Starting the journey from the coastal area,
along the perimeter road that runs through it entirely, it is possible to admire the Pantelleria coasts in their utmost beauty. Leaving aside the northern part, outside the perimeter of the Park and consisting of low cliffs that slope down to the sea with little slope, the rest of the Pantelleria coastal area is representative of the geological events that have shaped the island.
The first area of considerable interest is the area of Mursía and Çimillía, archaeological sites of considerable value due to the presence of the prehistoric village (with Muro Alto) and the area of sési, probably Neolithic tombs built by the first known inhabitants of the island, dating back in the Bronze Age.
After passing Punta Fram, where the lunar landscape bears witness to the eruption of the kúddia of Gelkhamar, and the seaside resort of Suváki, the coast rises and hides at the sea level the Cave of Sataría or Satería, inside which there are thermal water pools made during the Roman domination.
The coast returns low and extends southwards to meet the Harbour of Scauri. Beyond it, there are Skálo and Calette di Scauri, where recent archaeological research has shed light on a naturalistically and historically important area. In addition to being a spa, they represent the Phoenician harbour, while their inner part includes warehouses for foodstuffs and more. In a large cave at the end of the cove area, there are several points where hot water comes out, evident manifestations of the island's volcanic activity.
After this area, Dietro l'Isola begins, with its high cliffs, often inaccessible, all facing south. At first Niká, with its thermal waters and small harbour, shelter for small boats. But the greatest attraction is certainly Salto La Vecchia, a cliff that rises up to 242 mt above sea level. The Dietro l'Isola journey continues; the road climbs more and more, leaning against the Kúddia Attalóra and crossing Baláta dei Turchi, Punta Limársi, Martingána and the Dietro l'Isola sea stack.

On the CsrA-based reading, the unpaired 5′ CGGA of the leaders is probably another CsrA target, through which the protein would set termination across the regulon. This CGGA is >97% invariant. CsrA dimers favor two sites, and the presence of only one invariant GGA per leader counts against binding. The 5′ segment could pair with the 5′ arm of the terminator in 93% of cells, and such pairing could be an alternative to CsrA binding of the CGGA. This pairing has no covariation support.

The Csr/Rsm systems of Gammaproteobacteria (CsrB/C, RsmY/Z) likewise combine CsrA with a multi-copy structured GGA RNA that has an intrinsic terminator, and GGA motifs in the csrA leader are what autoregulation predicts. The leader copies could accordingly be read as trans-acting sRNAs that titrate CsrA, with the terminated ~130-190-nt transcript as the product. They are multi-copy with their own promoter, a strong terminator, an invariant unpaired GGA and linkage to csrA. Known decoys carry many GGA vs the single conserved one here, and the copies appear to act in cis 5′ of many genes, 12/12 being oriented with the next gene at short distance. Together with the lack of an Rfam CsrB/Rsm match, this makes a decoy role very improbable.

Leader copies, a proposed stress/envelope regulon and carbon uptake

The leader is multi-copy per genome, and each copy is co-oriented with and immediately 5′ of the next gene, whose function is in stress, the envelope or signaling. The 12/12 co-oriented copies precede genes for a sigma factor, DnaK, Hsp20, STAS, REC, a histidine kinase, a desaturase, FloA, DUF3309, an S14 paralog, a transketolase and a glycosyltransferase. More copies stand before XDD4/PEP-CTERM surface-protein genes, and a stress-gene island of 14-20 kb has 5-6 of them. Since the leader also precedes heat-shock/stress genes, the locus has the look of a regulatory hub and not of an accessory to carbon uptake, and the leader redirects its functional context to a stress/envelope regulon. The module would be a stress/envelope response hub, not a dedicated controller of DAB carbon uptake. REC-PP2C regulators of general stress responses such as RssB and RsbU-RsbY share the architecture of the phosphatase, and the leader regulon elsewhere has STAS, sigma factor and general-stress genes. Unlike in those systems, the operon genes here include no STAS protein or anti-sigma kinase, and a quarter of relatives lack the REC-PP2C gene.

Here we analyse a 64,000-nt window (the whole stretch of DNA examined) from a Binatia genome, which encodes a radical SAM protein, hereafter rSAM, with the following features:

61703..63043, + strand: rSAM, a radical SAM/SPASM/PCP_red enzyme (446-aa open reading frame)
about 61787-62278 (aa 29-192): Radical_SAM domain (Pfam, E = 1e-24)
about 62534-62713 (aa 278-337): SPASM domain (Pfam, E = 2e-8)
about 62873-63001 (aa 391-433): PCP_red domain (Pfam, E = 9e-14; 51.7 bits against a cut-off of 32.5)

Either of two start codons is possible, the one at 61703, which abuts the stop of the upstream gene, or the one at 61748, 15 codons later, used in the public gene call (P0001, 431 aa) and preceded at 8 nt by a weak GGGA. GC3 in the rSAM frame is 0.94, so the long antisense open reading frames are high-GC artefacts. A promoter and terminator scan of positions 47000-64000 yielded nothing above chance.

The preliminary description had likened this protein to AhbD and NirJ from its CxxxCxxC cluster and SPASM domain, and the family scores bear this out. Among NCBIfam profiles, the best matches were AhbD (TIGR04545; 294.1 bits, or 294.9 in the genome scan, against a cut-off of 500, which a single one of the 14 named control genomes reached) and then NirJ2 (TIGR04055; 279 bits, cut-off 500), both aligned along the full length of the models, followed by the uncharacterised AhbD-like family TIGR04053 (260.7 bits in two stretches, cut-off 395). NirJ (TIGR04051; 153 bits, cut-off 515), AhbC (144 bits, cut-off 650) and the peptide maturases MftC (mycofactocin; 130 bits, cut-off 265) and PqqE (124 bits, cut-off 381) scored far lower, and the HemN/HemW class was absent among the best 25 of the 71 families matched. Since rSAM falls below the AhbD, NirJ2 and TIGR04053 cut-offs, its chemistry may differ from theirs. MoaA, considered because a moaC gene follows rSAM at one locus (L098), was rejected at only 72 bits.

Dietro l'Isola ends with Makasinázzi and Arco dell'Elefante, a real natural monument that stands as a symbol of the island. Here are located two of the most beautiful coves on the island, Cala Levante and Cala Tramontana, and the coastal stretch begins, leading from south-east to the north-west. The perimeter remains high and meets Gadír, a small port that houses many thermal baths, always built during the Roman period, as well as a vast underwater archaeological area.
From here we reach the area of Cala Cottóne, Punta Spadillo and Cala Cinque Denti, a large impervious area, dominated by the Mediterranean scrub in its most significant meaning, the holm oak. The whole area is dominated by the Khaggiár, a vast lava flow originating from the eruption of nearby Kúddia Randazzo. To mention in this characteristically wild content the presence of Laghetto delle Ondine, a wide and shallow depression of the coast which forms a sort of natural pool with a high landscape value.
After Cala Cinque Denti the perimeter suddenly drops down to meet Khattibuáli, a very fertile land that separates the sea from the Specchio di Venere Lake, and bounded to the north by Punta Pozzolana, where a fort was dug in the cliff during the Second World War. From here you could return to the northern area of the island.